YEAR IN REVIEW: Shock and stores

With Brexit and slower economic growth in the background, the real estate market also had to contend with retail disasters and a lack of stock in 2019. Yet investors’ spirits were not dampened much as they looked for real estate amid record low interest rates.

The year began with a shock. Corestate Capital sneaked out a statement about its CEO Michael Bütter’s departure under mysterious circumstances just before New Year’s Eve. So, when people returned to their desks in January, Corestate was talk of the town.

However, as the first few weeks of 2019 passed by, this turned out to be a blip – a localised in-house issue rather than a sign of the times. By the end of the year, however, another shock would be in store as both co-global heads of real estate at Aberdeen Standard Investments (ASI) were told to leave.

But CEOs at major property investment firms were not ‘calling it a day’ en masse. They were not having major ructions with their boards because of the wider economic turmoil, the direction of the market, or something even more sinister like investors no longer wanting property. On the latter point, nothing could be further from the truth.

Aviva Investors Real Assets’ CIO Mark Versey told PropertyEU that these might be turbulent times for financial markets given central banks were making U-turns on monetary policy. There was also the reality of negative interest rates, trade wars, and volatility in the equity markets. But Versey said the appetite for real estate among investors continued to be strong.

All through 2019, it was the same story on loop as investment managers repeated how clients wanted property for diversification, cashflow and better returns than bonds. To that end, not much had changed.

Blackstone was able to complete its fundraise for the world’s largest-ever global property fund at $20.5 bn (€18.63); the largest-ever German real estate transaction took place, involving the Millennium Portfolio acquired by Commerz Real for around €2.5 bn; Korean capital fanned out across Europe and struck some huge deals such as Lumière in Paris, and Fifth Wall Ventures raised the largest proptech fund in the world to date as European proptech start-ups mushroomed everywhere.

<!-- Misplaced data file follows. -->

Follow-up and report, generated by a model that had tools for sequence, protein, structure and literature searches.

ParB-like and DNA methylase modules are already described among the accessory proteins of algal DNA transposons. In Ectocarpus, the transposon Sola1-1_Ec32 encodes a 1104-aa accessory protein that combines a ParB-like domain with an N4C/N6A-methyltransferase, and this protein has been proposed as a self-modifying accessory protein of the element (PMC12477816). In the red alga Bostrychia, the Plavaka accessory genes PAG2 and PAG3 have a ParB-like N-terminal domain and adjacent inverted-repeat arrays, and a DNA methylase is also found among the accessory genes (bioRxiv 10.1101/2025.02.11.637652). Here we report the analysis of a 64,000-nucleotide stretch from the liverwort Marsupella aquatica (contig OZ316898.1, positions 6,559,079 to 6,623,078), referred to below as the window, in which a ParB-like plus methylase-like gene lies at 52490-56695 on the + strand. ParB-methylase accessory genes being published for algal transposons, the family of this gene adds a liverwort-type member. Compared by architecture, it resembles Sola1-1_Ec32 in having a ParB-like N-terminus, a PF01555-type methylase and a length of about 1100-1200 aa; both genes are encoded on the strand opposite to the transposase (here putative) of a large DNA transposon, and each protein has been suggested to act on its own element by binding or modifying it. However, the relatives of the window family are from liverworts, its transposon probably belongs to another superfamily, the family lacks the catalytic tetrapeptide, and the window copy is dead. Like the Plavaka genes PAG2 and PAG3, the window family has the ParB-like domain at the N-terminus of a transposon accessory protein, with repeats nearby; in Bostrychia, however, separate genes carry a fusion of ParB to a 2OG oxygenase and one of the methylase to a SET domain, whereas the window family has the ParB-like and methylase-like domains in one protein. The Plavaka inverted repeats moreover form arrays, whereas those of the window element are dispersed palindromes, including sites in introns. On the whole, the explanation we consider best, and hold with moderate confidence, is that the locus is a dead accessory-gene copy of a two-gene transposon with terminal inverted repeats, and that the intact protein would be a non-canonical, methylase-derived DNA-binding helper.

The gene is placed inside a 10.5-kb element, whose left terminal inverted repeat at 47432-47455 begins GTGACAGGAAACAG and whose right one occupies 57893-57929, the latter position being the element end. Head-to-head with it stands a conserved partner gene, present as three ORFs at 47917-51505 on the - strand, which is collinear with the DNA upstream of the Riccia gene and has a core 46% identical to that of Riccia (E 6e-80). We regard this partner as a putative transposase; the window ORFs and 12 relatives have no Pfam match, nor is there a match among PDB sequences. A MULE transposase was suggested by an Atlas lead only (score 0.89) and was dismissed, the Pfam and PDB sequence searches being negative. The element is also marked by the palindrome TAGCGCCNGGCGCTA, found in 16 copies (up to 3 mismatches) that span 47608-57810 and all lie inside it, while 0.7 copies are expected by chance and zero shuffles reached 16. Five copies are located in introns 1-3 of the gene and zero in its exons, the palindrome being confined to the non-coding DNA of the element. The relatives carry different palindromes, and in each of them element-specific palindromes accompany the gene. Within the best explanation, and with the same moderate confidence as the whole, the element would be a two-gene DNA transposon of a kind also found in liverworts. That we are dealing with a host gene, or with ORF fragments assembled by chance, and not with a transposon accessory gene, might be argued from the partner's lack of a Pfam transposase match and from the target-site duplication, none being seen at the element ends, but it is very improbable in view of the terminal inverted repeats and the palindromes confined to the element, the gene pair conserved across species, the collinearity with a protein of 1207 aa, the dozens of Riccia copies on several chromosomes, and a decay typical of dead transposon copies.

Strong appetite, falling volumes
But there was also a decoupling effect. If appetite for real estate was so strong, why did European real estate volumes decrease in 2019? Well, Brexit was partly to blame. European volumes have been falling since the June 2016 vote to leave (though they are still healthy judged by 10-year averages). This was again the case in 2019.

By October this year, CBRE said year-to-date volumes totalled €192 bn – a 13.9% drop on the €223 bn recorded in 2018. Chris Brett, head of EMEA capital markets, cautioned: ‘Investment into European real estate remains strong, but as we have seen throughout the year, volumes are softening.’ He said a lack of stock and uncertainties generated by Brexit in the UK market were delaying decision-making. ‘That aside, the market is highly liquid with large volumes of capital available to deploy.’

Brett added the market continued to see yields fall, with the exception of battered parts of the retail sector. Alexander van Riel, head of Continental Europe at CBRE Global Investment Partners (GIP), said he felt investors with real estate faced a lack of palatable alternatives, thus holding back the market. His point is: why would owners and investors sell assets without seeing a better place to recycle the capital?